As writers, we all have that book. The one we read in our formative years. The one that sparked a burning desire to leave a lasting footprint in the book world. The one that, even as we grow and change, remains a core part of why we write.

Strange how I didn’t realize this until today.

The first book I ever fell in total love with was A Wrinkle in Time. I identified with Meg Murray’s insecurity and hidden strength. I also wanted to go galivanting on an adventure across the universe because 10-year-old me figured Meg came back fine, so I would too.

When I was a bit older, my parents noticed my love for SFF books and urged me to read David Eddings Belgariad and Malloreon series. I did and enjoyed them. Though, perhaps not as much as my mother wanted 13-year-old me to. Nevertheless, they got me started down the path of fantasy reading.

But the real leap came when I set my way-too-young hands on Wizard’s First Rule. I remember being intrigued by the picture of a redhead in a pretty white dress mounting a dragon on the hardcover that lived in our living room. I mean, she was wearing a dress and getting ready to ride a dragon. That was amazing.

Much to the chagrin of my parents, I dove into the Sword of Truth series at a tender age. Looking back, I can see why they had reservations. There was a lot (and I mean a lot) of graphic violence for a mid-teen. I, however, was undeterred. I just skipped the gross parts and got swept away in the tale of magic, royalty, and a brutal world fighting to keep a destructive man at bay.

I blew through the series, grabbing each new book as it hit shelves and reading them in one or two sittings. With every book, I got more and more invested. I clearly remember ranting at Pillars of Creation because my favorite main characters weren’t in it until the last few pages. I got older and less squeamish about the violence (well, most of the violence. We won’t discuss that scene in Temple of the Winds…moving on). I devoured the worldbuilding, the new magic, and the eventual conclusion of all the strife.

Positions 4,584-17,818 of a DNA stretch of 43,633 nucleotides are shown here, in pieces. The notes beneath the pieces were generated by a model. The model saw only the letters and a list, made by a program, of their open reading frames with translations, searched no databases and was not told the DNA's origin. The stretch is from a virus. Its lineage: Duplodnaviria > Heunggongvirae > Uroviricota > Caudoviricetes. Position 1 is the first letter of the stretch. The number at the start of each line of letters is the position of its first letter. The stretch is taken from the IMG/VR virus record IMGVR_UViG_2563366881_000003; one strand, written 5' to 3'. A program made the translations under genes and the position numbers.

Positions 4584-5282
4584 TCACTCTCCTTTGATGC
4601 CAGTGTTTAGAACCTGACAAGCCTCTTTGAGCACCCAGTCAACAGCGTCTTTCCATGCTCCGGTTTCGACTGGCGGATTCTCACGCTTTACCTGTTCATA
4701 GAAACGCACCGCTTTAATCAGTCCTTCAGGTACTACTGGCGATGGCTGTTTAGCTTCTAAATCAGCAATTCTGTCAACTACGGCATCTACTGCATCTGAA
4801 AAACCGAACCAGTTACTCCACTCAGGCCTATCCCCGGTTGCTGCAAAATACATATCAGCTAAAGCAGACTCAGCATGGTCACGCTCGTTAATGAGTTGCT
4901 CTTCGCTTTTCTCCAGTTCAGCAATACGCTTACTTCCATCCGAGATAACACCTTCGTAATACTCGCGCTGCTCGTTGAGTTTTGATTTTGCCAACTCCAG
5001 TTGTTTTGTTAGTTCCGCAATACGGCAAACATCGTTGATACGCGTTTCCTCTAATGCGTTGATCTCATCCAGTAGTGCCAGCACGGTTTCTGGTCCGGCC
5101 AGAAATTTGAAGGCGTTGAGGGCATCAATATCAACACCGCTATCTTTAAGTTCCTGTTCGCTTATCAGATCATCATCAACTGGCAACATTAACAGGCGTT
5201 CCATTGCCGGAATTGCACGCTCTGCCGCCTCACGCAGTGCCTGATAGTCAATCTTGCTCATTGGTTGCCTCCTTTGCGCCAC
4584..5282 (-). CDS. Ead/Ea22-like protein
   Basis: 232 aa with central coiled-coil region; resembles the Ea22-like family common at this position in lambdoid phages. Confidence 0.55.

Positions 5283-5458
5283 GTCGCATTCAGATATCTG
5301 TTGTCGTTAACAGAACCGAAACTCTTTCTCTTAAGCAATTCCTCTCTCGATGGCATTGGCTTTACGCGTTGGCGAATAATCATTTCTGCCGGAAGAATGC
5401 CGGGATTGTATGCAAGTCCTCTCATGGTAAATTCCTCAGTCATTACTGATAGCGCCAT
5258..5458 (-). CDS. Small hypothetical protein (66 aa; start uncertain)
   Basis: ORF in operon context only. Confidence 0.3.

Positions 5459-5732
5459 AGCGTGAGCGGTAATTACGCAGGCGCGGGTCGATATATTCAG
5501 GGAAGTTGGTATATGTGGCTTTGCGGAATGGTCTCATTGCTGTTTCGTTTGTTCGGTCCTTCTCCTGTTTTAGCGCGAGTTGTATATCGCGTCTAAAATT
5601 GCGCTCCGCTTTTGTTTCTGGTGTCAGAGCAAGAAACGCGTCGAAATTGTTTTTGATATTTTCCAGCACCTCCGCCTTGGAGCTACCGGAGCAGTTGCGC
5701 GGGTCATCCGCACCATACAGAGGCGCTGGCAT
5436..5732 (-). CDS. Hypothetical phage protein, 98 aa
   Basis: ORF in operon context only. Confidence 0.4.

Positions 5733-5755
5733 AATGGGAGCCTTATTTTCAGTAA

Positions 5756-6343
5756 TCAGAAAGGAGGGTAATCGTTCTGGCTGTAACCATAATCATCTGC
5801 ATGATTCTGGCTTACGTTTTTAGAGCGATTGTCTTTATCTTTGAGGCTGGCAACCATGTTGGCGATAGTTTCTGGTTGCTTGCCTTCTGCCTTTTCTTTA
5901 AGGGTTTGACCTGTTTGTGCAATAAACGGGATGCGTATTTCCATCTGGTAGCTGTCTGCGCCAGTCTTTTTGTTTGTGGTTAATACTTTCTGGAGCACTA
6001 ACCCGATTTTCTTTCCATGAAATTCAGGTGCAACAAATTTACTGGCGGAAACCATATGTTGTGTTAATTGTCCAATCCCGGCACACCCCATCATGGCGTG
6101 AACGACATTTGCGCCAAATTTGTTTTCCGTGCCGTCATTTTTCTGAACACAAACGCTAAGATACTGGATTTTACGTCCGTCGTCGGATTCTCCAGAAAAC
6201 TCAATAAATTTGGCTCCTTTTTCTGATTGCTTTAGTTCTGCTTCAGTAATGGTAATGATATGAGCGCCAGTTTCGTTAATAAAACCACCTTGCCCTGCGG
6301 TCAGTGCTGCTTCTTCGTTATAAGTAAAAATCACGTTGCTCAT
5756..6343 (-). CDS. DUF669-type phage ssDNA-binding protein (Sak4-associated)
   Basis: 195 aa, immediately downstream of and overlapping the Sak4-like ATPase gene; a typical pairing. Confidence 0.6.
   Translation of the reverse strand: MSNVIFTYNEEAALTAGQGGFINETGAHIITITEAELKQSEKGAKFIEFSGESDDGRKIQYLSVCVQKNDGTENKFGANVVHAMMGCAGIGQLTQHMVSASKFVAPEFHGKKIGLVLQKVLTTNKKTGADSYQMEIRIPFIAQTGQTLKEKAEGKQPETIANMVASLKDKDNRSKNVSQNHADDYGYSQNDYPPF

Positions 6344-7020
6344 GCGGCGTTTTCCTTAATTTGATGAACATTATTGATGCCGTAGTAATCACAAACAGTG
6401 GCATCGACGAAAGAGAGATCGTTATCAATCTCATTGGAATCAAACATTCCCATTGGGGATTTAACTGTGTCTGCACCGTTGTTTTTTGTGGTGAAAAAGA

And oh, how I wanted to be a Confessor. The ability to make anyone my completely obedient slave? Think of all the chores I wouldn’t have to do anymore. And the power. “There was an impact to the air. Thunder without sound.” Okay, this came with crazy weakness for some time afterward, but who wouldn’t want that kind of power?

But I digress. Book 12 came and went. I thought it was over until the next installment came out a while later. I read it, but it wasn’t the same. I’d grown up. I’d moved on. That was the last Goodkind book I read and figured I’d left that part of my fantasy journey in the past.

Until this morning.

Today, I woke to the news that Terry Goodkind passed away.

And it’s hitting me, hard.

I thought I’d left his books behind as a mark of fiercely stating my independence to read adult books as a teenager. My tastes have changed. I’m not much for graphic violence anymore. I no longer want an obedient slave (except maybe to wash dishes after a late dinner). I’ve grown, and that’s shaped my reading preferences.

But The Sword of Truth was the first adult fantasy series I read completely of my own volition. It was a choice, and choices have power. Things we choose to do leave strong impressions on our hearts and minds, stronger than we sometimes even know. It wasn’t until this morning that I realized how much those books meant to me. They grabbed my teenage imagination and refused to let go. They hauled me along on an adventure through a world full of the fantastic, and they made me want to write fantasy. They ultimately set me on the path to my MFA, this blog, and book editing. If I reread them now, I doubt I’d be so enthralled. I could probably find things that are giant no-nos in fantasy today. I’m sure there’s stuff in there people are offended by now that was common in books twenty years ago. Today, they’d just be another fantasy series for me.

Back then, they changed my life.

And now the man who precipitated that change is gone.

I don’t know if I’ll read more of Goodkind’s work, but even if I don’t, there won’t be more. His mark has passed, leaving the next generation to pick up where he left off. I know how Luke felt when Vader struck Obi-Wan down.


*cries like a baby*

I mean, didn’t we know he was a goner right there?

R.I.P. Terry Goodkind, and thank you.

This post contains affiliate links. Click here for the full disclosure statement.

Join the Conversation

This site uses Akismet to reduce spam. Learn how your comment data is processed.